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Locust Trees


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#1 Guest_magnetspw_*

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Posted 24 July 2006 - 03:09 PM

Last week I noticed the tips of my locust trees (four) turning brown; all locust trees in the area have brown tips. This is the recurrence of last year when the problem first occurred, tips turning brown and spreading throught the tree. This affected any locust tree I saw in my travels in the suburbs. What is this disease. I did some research and think it is the mimosa webworm. Whatever the problem, it is happening again this summer.

Last year I had Natural Way Lawn Care spray in Sept and Oct and then a late feeding in Nov. Frankly, I didn't think the spray reached the tops of my trees; they are almost 40 years old and very tall. Should I call them again and have my trees sprayed. It is an expensive treatment. Will this problem eventually disappear when the conditions are not ripe? I understand this occurs when summers are very hot.

Please advise. smile.gif

I might add when my husband and I planted these trees, we were told the locust would be an easy care tree. They were easy care when young, but today they are a lot of work, with falling brown fluff, falling thorns, falling tiny leaves on the driveway that tracks into the house, falling into gutters, falling into my dirt and cakes up. It is a messy tree, but I still value them as they are mature and I would hate to lose them.
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#2 Guest_kd7_*

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Posted 25 July 2006 - 02:12 PM

howdy-
You were advised quite correctly that locusts are very low maintenance. my first quesiton is do you have honey locusts or black locusts? Honey locusts have two insect problems: Mimosa web worm (pretty rare). and the much more common honey locust plant bug. Early summer, these little green guys are barely visible. the best way to see if you have them is to take a blank sheet of paper and shake a branch over it. you'll see a bunch of little green specks if you have them. These guys are a type of aphid that suck sap from newly growing leaves. Little half-grown tender leaves are like a buffet for them and they will suck the branch dry. This can lead to stuning and die-back, especially when severe. the good news is that the tree usually bounches right back, and the bugs die in extreme heat- all it takes is a few days over 90 degrees and they perish. Most of the honey locusts I'm seeing here in Detroit are doing great, and the tips are actually flush with a bright green/yellow growth that is a second flush of leaves.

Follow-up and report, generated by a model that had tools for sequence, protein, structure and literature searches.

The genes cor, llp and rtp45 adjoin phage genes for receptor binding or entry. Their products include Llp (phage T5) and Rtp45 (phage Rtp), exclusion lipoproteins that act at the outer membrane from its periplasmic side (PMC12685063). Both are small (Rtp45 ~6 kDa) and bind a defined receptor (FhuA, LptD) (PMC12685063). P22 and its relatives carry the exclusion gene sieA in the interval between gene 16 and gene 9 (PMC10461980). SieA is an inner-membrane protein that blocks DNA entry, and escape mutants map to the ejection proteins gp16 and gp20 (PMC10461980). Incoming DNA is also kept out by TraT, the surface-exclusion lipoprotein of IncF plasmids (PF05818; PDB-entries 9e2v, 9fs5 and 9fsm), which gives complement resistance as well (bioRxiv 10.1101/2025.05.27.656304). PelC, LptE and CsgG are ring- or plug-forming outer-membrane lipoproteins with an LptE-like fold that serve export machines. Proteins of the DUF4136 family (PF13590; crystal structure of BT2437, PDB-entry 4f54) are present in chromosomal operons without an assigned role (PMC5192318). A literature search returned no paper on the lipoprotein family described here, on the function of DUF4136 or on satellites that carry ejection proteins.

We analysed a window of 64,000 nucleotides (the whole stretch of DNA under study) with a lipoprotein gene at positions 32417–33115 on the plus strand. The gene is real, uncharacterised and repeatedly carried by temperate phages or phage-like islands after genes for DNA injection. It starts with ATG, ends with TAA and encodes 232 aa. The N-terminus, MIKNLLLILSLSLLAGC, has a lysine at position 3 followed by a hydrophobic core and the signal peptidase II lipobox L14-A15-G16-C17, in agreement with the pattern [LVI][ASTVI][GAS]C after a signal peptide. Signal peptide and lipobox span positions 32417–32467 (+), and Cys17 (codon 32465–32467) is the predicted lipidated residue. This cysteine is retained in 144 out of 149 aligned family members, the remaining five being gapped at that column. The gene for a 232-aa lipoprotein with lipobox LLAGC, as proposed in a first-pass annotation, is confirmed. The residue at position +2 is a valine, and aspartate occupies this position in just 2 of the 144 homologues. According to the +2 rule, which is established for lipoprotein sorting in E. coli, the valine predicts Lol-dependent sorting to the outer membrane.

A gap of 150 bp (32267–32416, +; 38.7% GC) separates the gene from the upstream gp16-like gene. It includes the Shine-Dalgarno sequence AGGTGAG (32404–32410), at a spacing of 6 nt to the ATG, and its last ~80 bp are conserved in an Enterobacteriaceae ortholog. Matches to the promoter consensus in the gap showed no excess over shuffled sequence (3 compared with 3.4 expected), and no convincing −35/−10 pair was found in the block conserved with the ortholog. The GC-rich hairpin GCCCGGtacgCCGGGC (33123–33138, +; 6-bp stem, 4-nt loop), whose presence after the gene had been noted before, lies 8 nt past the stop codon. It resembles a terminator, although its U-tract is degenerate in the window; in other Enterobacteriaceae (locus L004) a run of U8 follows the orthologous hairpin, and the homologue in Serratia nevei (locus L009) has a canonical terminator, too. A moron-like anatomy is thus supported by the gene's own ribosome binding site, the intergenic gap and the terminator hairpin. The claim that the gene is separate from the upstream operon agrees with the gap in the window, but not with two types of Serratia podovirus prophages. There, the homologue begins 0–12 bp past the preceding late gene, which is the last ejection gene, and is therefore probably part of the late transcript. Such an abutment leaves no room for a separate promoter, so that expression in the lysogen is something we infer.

BTW, if your tree is a black locust, are you sure you're not seeing seed pods? They finish flowering in mid-july and then form short brown seed pods (3" long or so) at the end of the branches.
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#3 Guest_kd7_*

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Posted 25 July 2006 - 02:18 PM

In re-reading your post, I forgot to mention the insecticide application. STOP DOING IT!!!!!! Never spray unless its a last resort. You kill all kinds of beneficial insects in the process, all for something that never really needed that severe of a control in the first place. Not to mention the wrong time of year. most insects are done by the fall. Any good tree care company is most active in the spring and early summer when the insects are vulnerable and before they lay eggs. Feeding is okay, but again, unless the trees are showing signs of stress, don't bother wasting your money. Never treat blindly without knowing exactly what its being done for. Mature locusts like yours shouldn't need any help now that they have a well established root system.
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#4 Guest_magnetspw_*

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Posted 25 July 2006 - 05:05 PM

Thanks for recommending not spraying.